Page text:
June 18, 2013
The recent events surrounding Edward Snowden, the NSA whistleblower, gives us the chance to engage in an interesting thought experiment.
Where would you go if you were Edward Snowden (or Jason Bourne) and were being hunted by the most powerful intelligence agencies on the planet?
Now of course this is a farfetched scenario for most of us, which is why this is only a thought experiment. On the other hand, with folks like the Liberty Dollar founder (a gold/silver backed private currency) being labeled by the US government as “domestic terrorists,” maybe the situation isn’t so implausible.
An important criterion that we should look for in a country is whether or not it has an extradition treaty with the US.
An extradition treaty is a legal mechanism that countries use to transfer people to another country for numerous reasons. The terms and conditions of extradition treaties vary due to the circumstances of each individual case and also from country to country. Some countries (like France and Brazil) will not extradite their own citizens no matter what.
Generally speaking, in order for extradition to be successful, the suspected criminal act must not be political in nature, it must be recognized as a crime in both jurisdictions, and the suspect must not be in danger of receiving the death penalty or torture if transferred.
Absent a formal extradition treaty, transferring individuals becomes much more difficult but certainly not impossible.
|Countries with No US Extradition Treaty|
|Bhutan||Kuwait||São Tomé & Príncipe|
|Bosnia and Herzegovina||Laos||Saudi Arabia|
|Central African Republic||Marshall Islands||Togo|
|Dem. Republic of the Congo||Mongolia||United Arab Emirates|
The following countries have extradition treaties but have shown that they will not always comply with US requests: Bolivia, Ecuador, Iceland, Nicaragua, Switzerland, Venezuela, and Zimbabwe.
Hong Kong, the jurisdiction that Snowden chose, does indeed have an extradition treaty with the US. At this point, Snowden appears to be banking on avoiding extradition by seeking asylum and arguing that his so-called “crimes” are political in nature, while also positioning himself close to mainland China (which does not have an extradition treaty with the US).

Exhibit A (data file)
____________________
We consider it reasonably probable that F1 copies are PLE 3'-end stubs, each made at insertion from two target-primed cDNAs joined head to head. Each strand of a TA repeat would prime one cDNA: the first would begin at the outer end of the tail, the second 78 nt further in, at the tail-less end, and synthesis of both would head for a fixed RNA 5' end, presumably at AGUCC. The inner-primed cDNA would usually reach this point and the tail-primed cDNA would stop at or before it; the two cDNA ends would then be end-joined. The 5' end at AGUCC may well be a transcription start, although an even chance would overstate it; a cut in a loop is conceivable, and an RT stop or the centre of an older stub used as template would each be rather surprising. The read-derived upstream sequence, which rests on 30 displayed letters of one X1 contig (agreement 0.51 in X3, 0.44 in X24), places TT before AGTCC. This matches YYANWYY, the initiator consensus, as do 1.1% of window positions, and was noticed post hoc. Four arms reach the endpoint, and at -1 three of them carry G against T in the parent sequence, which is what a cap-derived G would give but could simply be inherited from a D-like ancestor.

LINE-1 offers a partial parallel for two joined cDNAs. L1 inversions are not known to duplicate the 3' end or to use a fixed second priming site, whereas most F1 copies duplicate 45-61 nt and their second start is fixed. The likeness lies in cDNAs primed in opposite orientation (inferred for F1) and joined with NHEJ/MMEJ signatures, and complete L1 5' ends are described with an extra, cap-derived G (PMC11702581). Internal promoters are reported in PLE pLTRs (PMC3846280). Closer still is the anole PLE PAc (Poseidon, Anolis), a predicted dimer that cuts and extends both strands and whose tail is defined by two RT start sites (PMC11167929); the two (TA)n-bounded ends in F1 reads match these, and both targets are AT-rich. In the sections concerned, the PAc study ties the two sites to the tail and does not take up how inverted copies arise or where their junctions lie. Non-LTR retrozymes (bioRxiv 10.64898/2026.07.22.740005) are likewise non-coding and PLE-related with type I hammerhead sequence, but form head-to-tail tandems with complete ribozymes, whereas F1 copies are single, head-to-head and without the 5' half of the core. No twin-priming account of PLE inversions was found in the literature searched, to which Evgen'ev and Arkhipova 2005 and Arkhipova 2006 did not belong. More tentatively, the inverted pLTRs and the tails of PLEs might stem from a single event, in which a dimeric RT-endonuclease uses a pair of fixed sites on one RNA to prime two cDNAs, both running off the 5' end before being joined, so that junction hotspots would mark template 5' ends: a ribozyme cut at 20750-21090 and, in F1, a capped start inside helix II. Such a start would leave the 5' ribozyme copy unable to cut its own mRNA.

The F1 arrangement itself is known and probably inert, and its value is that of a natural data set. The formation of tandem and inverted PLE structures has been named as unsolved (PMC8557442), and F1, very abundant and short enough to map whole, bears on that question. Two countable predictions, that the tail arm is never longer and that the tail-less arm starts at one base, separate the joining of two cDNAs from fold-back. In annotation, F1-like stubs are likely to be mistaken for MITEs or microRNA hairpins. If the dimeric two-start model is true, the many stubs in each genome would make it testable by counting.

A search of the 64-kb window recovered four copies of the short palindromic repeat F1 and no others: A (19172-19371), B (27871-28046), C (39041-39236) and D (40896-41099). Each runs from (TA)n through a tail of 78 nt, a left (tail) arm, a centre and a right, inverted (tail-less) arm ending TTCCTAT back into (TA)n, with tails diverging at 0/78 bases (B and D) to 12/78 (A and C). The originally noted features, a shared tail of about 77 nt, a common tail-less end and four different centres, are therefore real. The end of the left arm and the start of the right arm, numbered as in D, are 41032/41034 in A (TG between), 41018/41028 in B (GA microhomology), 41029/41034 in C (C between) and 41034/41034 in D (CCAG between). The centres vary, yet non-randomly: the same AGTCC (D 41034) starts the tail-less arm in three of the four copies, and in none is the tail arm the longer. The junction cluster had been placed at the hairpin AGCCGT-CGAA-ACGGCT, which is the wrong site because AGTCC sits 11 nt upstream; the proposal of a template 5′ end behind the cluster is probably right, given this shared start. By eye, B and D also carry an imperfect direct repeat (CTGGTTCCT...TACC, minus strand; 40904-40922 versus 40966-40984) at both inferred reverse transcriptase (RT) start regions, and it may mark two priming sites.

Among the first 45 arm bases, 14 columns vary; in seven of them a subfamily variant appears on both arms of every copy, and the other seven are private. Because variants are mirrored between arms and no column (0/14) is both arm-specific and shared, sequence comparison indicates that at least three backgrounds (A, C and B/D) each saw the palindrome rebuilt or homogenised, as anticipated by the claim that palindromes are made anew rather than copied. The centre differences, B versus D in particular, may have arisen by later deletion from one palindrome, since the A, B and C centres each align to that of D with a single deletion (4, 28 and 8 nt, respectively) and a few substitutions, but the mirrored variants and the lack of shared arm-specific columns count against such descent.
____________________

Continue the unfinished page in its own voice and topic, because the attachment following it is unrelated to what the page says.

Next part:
Escaping to a non-extradition treaty country does not mean that you are home free, but rather will put you at the mercy of your new hosts. You could become a pawn in a larger game and traded away for concessions. The political sands are always shifting and tomorrow’s government may be more accommodative toward the US.
You could also be rendered (kidnapped) by the CIA and brought back to the US without the host government’s consent, or fall within the sights of an armed drone. There certainly is no shortage of ways for the US government to hurt you no matter where you are.
While a drone strike on Snowden in Chinese controlled territory is highly unlikely, some more realistic measures the US government will likely take include canceling Snowden’s US passport and cutting off access to his US bank accounts.
Snowden could have insulated himself from these measures had he taken the actionable and pragmatic steps we outlined in Going Global 2013 on the best countries to obtain a second passport, open an offshore financial account, and store some physical gold abroad.
Taking these steps are not just wise for the Edward Snowdens and Jason Bournes of the world, internationalizing is a completely legal and prudent strategy for anyone who does not want to be under the total control of the whims of one particular government – especially one that is desperate, bankrupt, and totally out of control.
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